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Low Achievement Scores Shock 2 Houston Schools

For Houston's T.H. Rogers Elementary and Katy's Pattison Elementary, the day Texas releases annual campus ratings has always been a time for celebrating.

The word "exemplary" has appeared next to Pattison every year since 1995. T.H. Rogers has been "exemplary" every year since 1997, when the school briefly dipped into "recognized" territory.

Then came last Friday.

T.H. Rogers Principal Nancy Manley said she still is trying to reconcile a less-than-stellar "acceptable" rating with last week's news that the campus is one of just 15 Texas schools to receive a national No Child Left Behind Blue Ribbon award for academic excellence.

Some parents in the wealthy neighborhoods surrounding Pattison assumed there must have been a misprint when they opened the newspaper and saw their school received the state's lowest rating: "academically unacceptable."

"It just doesn't compute," said Pattison Principal Debra Barker.

Both schools, considered two of the area's best by most any measure, ran afoul of Texas' new rating system that now takes into account the academic performance of special education students. That's where each came up short.

Now, administrators are trying to assure parents that their schools are still among the academically elite. Both schools are considering appealing their ratings to the Texas Education Agency, but officials there say ratings are rarely changed.

"Our program is in very high demand," Manley said. "Many of our students have gone on to Harvard."

Katy Superintendent Leonard Merrell went to Austin on Monday to talk with state Education Commissioner Shirley Neeley about Pattison's rating.

Parents at both schools seem to accept their principals' explanations that the lower ratings resulted from technical problems with the new ratings system.

"People, I think, initially are kind of shocked," said Donna Cade, president of Pattison's parent-teacher organization. "But I think I know my kids are getting the best education in Katy."

In addition to worrying parents, bad ratings can hurt home values, said real estate broker Jaclyn Nall, who has a $285,000 home listed in the Nottingham Country neighborhood that feeds into Pattison.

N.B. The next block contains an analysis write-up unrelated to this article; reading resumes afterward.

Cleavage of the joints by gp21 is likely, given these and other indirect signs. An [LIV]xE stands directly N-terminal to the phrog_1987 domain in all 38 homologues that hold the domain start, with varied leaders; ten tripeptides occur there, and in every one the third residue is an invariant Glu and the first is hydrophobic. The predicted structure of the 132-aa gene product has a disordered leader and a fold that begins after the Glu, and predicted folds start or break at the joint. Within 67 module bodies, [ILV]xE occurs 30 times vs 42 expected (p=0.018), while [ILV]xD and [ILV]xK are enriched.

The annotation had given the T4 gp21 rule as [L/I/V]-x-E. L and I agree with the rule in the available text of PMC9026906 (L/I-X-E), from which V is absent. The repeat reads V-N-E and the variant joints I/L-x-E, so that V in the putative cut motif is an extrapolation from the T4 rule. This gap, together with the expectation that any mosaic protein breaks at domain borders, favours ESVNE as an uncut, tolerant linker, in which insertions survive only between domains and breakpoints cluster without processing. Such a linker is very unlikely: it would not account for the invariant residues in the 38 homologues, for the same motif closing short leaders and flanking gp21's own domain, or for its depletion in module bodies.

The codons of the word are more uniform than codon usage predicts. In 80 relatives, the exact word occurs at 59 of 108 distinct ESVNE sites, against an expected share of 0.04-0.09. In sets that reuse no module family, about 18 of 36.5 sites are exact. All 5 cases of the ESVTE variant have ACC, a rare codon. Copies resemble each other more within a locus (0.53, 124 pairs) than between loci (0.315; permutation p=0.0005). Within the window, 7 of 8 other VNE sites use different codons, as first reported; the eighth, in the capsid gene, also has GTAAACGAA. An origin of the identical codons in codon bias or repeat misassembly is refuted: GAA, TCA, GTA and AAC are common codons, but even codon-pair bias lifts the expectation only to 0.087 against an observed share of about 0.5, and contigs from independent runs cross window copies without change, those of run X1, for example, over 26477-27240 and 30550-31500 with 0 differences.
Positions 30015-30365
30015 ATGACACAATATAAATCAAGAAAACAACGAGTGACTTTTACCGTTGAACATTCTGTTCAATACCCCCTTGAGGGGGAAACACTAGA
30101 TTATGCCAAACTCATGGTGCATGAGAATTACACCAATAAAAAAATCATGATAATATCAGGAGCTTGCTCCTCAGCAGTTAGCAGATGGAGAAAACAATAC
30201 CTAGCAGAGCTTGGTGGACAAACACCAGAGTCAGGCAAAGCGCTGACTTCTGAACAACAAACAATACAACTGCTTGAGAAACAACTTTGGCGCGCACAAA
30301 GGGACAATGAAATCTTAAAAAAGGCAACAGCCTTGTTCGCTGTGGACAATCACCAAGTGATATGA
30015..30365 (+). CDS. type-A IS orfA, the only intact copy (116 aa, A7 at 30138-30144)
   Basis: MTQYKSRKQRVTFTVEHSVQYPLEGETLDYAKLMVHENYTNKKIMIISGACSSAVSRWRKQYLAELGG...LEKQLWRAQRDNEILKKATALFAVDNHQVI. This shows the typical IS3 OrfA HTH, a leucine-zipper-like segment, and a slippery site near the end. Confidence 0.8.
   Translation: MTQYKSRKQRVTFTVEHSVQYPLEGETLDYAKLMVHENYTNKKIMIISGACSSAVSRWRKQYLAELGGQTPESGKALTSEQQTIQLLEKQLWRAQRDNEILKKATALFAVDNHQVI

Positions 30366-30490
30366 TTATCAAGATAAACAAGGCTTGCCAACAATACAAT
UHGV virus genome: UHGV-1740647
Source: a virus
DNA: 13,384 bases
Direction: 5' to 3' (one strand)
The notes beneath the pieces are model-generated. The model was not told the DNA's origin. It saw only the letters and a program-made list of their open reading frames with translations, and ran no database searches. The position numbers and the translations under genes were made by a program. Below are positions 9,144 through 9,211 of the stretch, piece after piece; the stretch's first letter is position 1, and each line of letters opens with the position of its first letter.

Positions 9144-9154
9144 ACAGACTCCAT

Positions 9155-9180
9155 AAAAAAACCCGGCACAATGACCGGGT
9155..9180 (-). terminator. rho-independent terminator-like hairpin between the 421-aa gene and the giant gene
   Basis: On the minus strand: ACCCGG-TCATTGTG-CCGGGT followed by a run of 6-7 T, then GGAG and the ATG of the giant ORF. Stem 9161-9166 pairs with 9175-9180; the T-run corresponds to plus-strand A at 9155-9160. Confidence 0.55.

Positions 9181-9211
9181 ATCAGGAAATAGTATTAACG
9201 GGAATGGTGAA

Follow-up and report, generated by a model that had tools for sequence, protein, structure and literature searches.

"People will move in and out specifically for that reason," Nall said. "The clients might not get what they want for the property."

TEA rarely adjusts ratings to correct school's errors
Under the old rating system, T.H. Rogers and Pattison would still have earned "exemplary" status because more than 90 percent of their students passed every portion of the Texas Assessment of Knowledge and Skills last school year.

Only 14 of Pattison's 38 special education students met their goal. T.H. Rogers' rating dropped because only 36 of its 56 special education students met their testing goals.

The campus is home to a regional school for deaf students and an elite Vanguard program for gifted children.

Manley said she hopes the TEA will bump T.H. Rogers' rating to "recognized" because school employees incorrectly marked eight severely disabled students as being tested, even though they weren't. Throw those scores out, and the school's passing rate jumps above 80 percent.

But the TEA rarely adjusts ratings when the school makes data mistakes, said agency spokeswoman DeEtta Culbertson. Schools had their chance to challenge the data earlier this year when the TEA notified them of their scores, she said.

"If they messed up on reporting their data, that is not something they will grant an appeal for," Culbertson said.

Standards differ among special education students
Unlike other students who take the TAKS, special education students are judged on how they do on the State-Developed Alternative Assessment.

Committees made up of each student's parents, teachers and school administrators decide early in the year how each student should score. So a passing score for one special education student might be a failing score for another.

"You're asking in special education for us to make predictions that we don't have to make for TAKS," said Barker, Pattison's principal.

In retrospect, expectations may have been set too high for some of Pattison's students, said Kris Taylor, spokeswoman for the Katy school district.

"You have to assign optimistic goals for children," she said, "but not unrealistically high goals."

— Jason Spencer
Houston Chronicle
2004-10-07
http://www.chron.com/cs/CDA/ssistory.mpl/metropolitan/2835009


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